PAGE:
Starwood’s New Tribute Portfolio Independent Hotel Brand

Filed Under: Hotels, Starwood Preferred Guest

Starwood today announced their latest hotel brand, called Tribute Portfolio Hotels & Resorts.

Tribute Portfolio will be Starwood’s 10th brand and second collection of independent hotels, after The Luxury Collection.


What makes Tribute Portfolio different? Well, the brand has the motto “Stay Independent,” and the goal is that the Portfolio will consist of independent hotels which don’t otherwise fall under one of the other SPG “umbrellas.”

This is something I’m really excited about as a Starwood loyalist. I love the elite perks, points, and consistent experience I get when staying at a Starwood property, but I like staying at something that feels a bit more “local.” The way I see it, Tribute will combine the best of both worlds, giving me the elite perks and points I’m addicted to, while allowing me to stay at an “independent” hotel.

Tribute Portfolio will be focused on four star hotels, so is intended to be a slightly more mid-range portfolio than The Luxury Collection.

So far five Tribute locations have been announced. The first Tribute property will be the Royal Palm South Beach Miami.

Royal Palm South Beach Miami, a Tribute Portfolio property

Royal Palm South Beach Miami, a Tribute Portfolio property

That will be followed by new hotels in Asheville, North Carolina, Nashville, Tennessee, Savannah, Georgia, and Charleston, South Carolina. Those are pretty strategic markets, given that they’re all cities which offer a lot of local flair.

Savannah’s first Tribute Portfolio property, set to open in 2016

By 2020, Starwood hopes to have 100 Tribute Portfolio properties (although the brands will under the Marriott umbrella as of August 2018). The focus will initially be on having properties in North America and Europe, though that’s expected to grow globally over the years. Starwood doesn’t plan to rebrand any existing SPG hotels as Portfolio properties, but rather hopes to acquire new hotels with the brand. This includes existing hotels as well as new builds.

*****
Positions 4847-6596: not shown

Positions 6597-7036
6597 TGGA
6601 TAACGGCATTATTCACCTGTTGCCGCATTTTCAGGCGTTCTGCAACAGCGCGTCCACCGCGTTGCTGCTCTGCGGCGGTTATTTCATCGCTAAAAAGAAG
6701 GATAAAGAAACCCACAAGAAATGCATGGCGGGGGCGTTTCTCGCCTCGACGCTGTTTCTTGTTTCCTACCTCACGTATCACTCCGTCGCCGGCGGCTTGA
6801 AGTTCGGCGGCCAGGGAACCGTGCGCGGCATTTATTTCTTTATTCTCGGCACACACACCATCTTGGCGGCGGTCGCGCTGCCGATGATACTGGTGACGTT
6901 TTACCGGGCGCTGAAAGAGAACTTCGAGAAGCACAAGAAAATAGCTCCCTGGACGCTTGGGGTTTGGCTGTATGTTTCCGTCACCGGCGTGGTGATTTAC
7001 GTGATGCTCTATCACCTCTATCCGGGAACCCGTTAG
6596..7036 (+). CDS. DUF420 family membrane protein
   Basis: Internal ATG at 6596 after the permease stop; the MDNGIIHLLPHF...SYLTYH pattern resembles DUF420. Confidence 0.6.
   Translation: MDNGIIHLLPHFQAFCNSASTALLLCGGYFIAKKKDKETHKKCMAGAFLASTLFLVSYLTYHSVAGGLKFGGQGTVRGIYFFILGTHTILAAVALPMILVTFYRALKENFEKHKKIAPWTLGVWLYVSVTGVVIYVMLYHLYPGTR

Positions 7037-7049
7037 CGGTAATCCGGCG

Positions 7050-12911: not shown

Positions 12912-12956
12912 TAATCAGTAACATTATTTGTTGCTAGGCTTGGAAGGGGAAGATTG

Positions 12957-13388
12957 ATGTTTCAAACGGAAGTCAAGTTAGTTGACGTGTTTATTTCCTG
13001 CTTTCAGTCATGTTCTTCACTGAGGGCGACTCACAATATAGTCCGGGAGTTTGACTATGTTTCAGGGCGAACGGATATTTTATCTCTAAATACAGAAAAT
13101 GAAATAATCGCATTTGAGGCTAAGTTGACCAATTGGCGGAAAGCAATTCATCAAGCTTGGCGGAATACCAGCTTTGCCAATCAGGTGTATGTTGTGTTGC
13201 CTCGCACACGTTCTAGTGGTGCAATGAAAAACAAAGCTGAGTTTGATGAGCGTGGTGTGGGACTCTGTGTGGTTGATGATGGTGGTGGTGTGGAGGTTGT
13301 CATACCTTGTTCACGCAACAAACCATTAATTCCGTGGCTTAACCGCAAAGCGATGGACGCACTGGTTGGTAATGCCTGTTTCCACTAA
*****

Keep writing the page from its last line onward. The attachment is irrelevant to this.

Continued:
Here’s what Starwood’s CEO had to say about the new Tribute Portfolio:

“With Starwood’s history of brand innovation, design leadership and our leading global high-end footprint, we believe Tribute Portfolio will be an exciting solution for hotel owners of distinct properties who wish to maintain their independent spirit, yet benefit from Starwood’s powerful distribution, loyalty and sales platforms,” said Adam Aron, Starwood’s Chief Executive Officer.  “Our mission with Tribute Portfolio is very simple: bring great hotels in great destinations to our loyal SPG members, who make up nearly half of all Starwood stays.”

Aron continued, “We recognize that independent hotels also attract guests who are not already affiliated with SPG. Tribute Portfolio will provide a clear opportunity for us to grow our SPG member base and deliver more loyal guests across all of our Starwood hotels worldwide.”

I think this brand is absolutely brilliant. Let me explain:

Hotels aren’t really selling to consumers